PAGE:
Women and children were shot as they tried to escape ethnic violence that has forced tens of thousands of terrified people to flee Kyrgyzstan.
After a third day of fighting in the city of Osh, Police were yesterday given shoot to kill orders as bloodshed swept across the south of the country.
An ethnic minority of almost one million Uzbeks live in the former Soviet central Asian state. Officials said at least 30,000 people had crossed the border from Kyrgyzstan. One told Russia's RIA Novosti news agency that 75,000 had entered Uzbekistan.
Much of Osh, has been destroyed by fire and looting after gangs of Krygyz men ransacked Uzbek communities. Most of the Uzbeks have left the city and thousands have gathered at the border with Uzbekistan desperate for shelter and food.
Witnesses said that women and children were among the100 people killed and 1,000 hurt in the violence. They were shot as they tried to escape Osh. Bodies were lying in the city’s streets while survivors were running out of food and water.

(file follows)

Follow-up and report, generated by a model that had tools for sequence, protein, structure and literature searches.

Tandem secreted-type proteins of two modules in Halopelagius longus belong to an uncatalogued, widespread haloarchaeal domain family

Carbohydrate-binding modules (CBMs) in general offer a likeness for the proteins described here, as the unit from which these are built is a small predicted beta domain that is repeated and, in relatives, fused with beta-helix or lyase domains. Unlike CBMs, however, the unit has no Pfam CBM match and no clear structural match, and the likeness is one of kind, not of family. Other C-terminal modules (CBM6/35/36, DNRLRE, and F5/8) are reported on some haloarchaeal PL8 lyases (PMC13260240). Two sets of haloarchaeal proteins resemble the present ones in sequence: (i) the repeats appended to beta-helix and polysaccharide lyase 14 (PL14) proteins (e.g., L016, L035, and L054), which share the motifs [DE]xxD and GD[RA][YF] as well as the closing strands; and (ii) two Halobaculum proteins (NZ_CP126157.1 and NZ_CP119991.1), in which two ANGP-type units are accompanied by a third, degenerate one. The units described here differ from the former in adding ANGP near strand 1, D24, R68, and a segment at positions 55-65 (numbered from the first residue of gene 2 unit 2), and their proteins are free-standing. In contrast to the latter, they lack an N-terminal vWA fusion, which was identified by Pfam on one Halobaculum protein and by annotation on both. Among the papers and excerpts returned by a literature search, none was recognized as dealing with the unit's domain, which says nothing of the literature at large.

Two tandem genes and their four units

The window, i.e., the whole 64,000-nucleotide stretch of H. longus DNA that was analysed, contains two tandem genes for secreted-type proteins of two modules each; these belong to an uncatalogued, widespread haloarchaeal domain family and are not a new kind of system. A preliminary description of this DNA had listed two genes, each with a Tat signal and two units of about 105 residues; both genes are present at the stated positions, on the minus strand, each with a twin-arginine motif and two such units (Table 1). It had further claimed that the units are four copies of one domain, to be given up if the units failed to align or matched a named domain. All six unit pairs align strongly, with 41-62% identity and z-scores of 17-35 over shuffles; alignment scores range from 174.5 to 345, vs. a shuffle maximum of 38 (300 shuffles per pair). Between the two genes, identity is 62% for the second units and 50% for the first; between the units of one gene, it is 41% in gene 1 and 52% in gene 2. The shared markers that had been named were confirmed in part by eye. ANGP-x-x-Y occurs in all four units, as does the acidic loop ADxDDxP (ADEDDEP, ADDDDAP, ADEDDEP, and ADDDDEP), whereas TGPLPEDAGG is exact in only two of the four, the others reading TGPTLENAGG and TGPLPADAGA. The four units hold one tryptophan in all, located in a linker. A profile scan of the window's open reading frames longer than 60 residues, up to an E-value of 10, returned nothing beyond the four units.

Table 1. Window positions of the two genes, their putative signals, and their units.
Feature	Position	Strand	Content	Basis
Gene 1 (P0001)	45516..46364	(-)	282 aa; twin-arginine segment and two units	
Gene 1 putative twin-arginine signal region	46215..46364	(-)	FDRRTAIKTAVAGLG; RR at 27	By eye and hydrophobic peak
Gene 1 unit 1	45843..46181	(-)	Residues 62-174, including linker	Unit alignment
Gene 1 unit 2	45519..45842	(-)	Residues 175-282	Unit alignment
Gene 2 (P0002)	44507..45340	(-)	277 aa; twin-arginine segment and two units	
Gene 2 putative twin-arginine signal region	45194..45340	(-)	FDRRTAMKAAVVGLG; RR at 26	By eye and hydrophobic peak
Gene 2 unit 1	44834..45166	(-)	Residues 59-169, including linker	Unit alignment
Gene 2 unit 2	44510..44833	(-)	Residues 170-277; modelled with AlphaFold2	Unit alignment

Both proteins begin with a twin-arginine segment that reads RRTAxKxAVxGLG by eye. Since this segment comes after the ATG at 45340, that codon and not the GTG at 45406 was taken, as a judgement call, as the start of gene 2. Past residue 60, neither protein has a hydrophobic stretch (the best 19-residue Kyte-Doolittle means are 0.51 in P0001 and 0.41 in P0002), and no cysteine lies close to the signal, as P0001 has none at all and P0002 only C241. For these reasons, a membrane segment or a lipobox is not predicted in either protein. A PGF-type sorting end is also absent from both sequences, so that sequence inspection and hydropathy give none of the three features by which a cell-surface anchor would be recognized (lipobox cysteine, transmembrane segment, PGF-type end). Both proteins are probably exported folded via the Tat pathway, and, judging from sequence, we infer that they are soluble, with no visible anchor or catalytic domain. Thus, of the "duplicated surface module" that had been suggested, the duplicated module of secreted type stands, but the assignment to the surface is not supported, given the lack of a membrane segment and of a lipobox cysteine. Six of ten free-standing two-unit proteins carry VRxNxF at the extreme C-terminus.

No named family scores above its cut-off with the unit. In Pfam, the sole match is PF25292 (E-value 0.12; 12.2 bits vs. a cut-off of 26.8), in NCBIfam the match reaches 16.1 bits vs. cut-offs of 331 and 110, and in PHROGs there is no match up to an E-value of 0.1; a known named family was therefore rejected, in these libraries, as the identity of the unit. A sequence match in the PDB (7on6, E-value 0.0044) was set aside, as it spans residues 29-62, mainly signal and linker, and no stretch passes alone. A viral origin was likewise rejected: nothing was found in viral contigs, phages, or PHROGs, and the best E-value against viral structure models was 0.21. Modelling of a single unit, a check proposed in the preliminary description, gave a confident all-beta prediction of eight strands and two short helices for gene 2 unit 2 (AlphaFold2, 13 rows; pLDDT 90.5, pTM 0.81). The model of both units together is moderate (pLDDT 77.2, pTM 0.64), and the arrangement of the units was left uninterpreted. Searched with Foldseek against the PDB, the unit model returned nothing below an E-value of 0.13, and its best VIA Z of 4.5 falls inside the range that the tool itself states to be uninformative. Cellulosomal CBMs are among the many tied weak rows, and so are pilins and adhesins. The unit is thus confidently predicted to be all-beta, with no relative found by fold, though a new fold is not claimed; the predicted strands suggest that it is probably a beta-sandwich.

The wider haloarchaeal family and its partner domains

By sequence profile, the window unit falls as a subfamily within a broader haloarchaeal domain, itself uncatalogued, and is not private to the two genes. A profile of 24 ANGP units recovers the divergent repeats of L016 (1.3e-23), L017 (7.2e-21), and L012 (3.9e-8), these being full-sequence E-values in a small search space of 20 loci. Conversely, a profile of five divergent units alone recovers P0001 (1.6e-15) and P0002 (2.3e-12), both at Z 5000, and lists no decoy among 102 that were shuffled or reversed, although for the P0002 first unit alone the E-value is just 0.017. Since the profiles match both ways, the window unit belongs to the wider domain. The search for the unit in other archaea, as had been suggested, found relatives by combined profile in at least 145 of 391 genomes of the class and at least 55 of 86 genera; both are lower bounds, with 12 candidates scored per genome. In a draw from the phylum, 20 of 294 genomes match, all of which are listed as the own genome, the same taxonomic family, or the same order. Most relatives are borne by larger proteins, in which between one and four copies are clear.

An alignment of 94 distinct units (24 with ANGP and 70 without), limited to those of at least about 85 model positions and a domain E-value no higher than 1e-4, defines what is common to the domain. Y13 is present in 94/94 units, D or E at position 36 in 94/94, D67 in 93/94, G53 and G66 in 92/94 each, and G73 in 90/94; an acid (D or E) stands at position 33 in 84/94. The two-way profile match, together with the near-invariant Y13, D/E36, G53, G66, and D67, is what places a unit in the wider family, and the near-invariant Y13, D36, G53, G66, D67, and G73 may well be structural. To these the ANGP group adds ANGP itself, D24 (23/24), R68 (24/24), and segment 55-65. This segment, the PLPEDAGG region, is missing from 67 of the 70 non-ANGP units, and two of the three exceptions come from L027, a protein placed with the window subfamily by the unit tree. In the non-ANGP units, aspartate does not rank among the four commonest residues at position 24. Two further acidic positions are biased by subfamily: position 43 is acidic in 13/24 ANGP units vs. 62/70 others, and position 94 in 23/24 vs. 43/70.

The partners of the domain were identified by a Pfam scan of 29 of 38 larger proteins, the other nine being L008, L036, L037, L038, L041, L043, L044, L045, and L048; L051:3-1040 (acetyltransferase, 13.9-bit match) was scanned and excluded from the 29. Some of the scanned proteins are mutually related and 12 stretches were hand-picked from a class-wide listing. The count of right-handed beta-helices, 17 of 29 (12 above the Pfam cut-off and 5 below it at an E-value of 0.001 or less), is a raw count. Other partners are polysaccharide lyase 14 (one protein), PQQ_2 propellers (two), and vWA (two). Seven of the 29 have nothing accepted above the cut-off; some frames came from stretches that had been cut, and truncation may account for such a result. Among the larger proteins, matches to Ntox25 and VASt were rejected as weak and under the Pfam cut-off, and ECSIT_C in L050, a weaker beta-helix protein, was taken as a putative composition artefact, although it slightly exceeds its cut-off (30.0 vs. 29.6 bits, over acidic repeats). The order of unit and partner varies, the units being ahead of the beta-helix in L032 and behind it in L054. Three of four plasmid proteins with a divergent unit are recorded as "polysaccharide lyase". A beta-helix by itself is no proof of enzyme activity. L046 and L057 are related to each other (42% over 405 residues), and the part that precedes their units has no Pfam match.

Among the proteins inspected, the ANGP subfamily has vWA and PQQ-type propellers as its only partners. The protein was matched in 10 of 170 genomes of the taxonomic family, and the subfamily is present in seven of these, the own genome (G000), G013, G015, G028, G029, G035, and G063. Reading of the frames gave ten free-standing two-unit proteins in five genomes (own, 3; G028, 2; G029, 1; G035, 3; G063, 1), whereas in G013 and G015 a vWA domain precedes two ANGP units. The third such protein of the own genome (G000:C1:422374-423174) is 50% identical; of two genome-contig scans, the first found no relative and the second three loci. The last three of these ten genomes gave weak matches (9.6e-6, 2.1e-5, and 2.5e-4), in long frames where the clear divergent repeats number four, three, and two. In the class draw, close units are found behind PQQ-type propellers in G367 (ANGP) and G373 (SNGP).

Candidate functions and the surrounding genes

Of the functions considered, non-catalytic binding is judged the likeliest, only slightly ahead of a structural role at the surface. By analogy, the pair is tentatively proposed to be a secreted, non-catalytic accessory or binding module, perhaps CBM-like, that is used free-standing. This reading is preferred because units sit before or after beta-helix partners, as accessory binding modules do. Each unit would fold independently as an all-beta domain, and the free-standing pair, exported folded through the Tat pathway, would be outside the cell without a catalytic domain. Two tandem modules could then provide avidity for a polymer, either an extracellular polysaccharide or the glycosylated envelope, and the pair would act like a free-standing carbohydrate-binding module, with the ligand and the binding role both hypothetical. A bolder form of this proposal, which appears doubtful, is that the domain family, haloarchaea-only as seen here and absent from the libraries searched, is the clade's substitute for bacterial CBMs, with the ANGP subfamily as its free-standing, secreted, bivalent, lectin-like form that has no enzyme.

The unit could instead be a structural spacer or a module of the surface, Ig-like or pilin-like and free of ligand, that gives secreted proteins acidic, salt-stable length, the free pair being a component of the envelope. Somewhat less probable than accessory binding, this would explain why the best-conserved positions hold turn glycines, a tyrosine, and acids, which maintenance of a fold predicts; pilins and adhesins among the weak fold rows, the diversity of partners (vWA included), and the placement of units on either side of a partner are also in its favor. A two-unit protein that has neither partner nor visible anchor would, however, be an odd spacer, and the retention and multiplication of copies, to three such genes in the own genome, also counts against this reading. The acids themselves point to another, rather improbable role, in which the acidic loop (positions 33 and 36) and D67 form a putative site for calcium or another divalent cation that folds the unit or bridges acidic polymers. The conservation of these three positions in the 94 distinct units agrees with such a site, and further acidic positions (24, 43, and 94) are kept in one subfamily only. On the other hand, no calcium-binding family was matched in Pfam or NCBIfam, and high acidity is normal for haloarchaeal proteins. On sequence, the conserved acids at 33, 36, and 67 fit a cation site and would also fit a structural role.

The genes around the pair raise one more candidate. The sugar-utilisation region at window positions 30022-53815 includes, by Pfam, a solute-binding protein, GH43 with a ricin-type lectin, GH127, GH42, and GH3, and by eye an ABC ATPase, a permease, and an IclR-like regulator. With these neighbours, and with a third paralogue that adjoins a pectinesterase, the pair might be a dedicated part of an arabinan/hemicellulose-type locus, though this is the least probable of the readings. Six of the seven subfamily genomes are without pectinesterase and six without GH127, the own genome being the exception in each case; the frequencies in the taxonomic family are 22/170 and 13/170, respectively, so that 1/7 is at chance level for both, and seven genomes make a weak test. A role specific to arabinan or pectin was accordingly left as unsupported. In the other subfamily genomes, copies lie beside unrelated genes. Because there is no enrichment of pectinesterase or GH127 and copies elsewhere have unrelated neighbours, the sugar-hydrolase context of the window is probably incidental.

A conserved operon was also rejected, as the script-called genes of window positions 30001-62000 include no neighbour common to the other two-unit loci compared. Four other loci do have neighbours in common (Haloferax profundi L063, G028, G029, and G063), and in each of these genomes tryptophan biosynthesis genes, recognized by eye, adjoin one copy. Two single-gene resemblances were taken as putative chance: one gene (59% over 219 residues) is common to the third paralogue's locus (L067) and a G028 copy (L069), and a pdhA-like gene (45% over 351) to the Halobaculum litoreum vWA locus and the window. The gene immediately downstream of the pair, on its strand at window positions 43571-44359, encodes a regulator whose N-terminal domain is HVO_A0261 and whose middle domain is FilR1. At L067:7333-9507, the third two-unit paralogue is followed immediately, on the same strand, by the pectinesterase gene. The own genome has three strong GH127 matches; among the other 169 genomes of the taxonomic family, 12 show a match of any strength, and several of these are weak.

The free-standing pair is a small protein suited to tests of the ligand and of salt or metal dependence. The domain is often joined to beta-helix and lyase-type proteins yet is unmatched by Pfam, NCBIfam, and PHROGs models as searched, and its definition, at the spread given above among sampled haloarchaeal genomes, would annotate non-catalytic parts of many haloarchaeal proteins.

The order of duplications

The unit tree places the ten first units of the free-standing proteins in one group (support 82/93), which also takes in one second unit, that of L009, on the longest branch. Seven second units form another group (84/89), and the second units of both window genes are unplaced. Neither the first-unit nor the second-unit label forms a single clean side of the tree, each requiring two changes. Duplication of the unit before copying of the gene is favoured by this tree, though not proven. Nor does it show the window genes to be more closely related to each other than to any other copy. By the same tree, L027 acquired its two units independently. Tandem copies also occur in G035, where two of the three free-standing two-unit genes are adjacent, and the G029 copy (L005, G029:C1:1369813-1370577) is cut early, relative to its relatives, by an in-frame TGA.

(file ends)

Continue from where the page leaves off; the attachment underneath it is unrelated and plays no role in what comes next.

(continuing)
A Pakistani student living in Osh told the BBC. “I didn't know who was fighting whom. I heard that they were cutting people with knives and killing them. I think thousands of people may have been killed in the last few days, not hundreds.”
Authorities called a state of emergency in the neighbouring Jalal-Abad region after armed Kyrgyz mobs rampaged through Uzbek villages, killing people and torching their homes. The interim Kyrgyz Government has asked Russia to send in troops to bring back order, but Russia turned down the request.
Last night the violence was on the verge of spilling over in to a humanitarian disaster, the International Committee of the Red Cross warned “Things are getting worse and worse by the hour,” said Severine Chappaz, the deputy head of the Red Cross mission in Kyrgyzstan. “Tens of thousands of people are fleeing the fighting and looting and heading towards the Kyrgyz border with Uzbekistan.”
Uzbekistan said it was alarmed by the situation but did not say if it would allow refugees to cross its border.
Uzbek witnesses told a BBC correspondent at a border crossing that gangs of armed Kyrgyz had been marauding through neighbourhoods, killing residents and burning homes. "We need food, we need water, I have got two sons and they are little and I need water and food to survive,” one woman pleaded.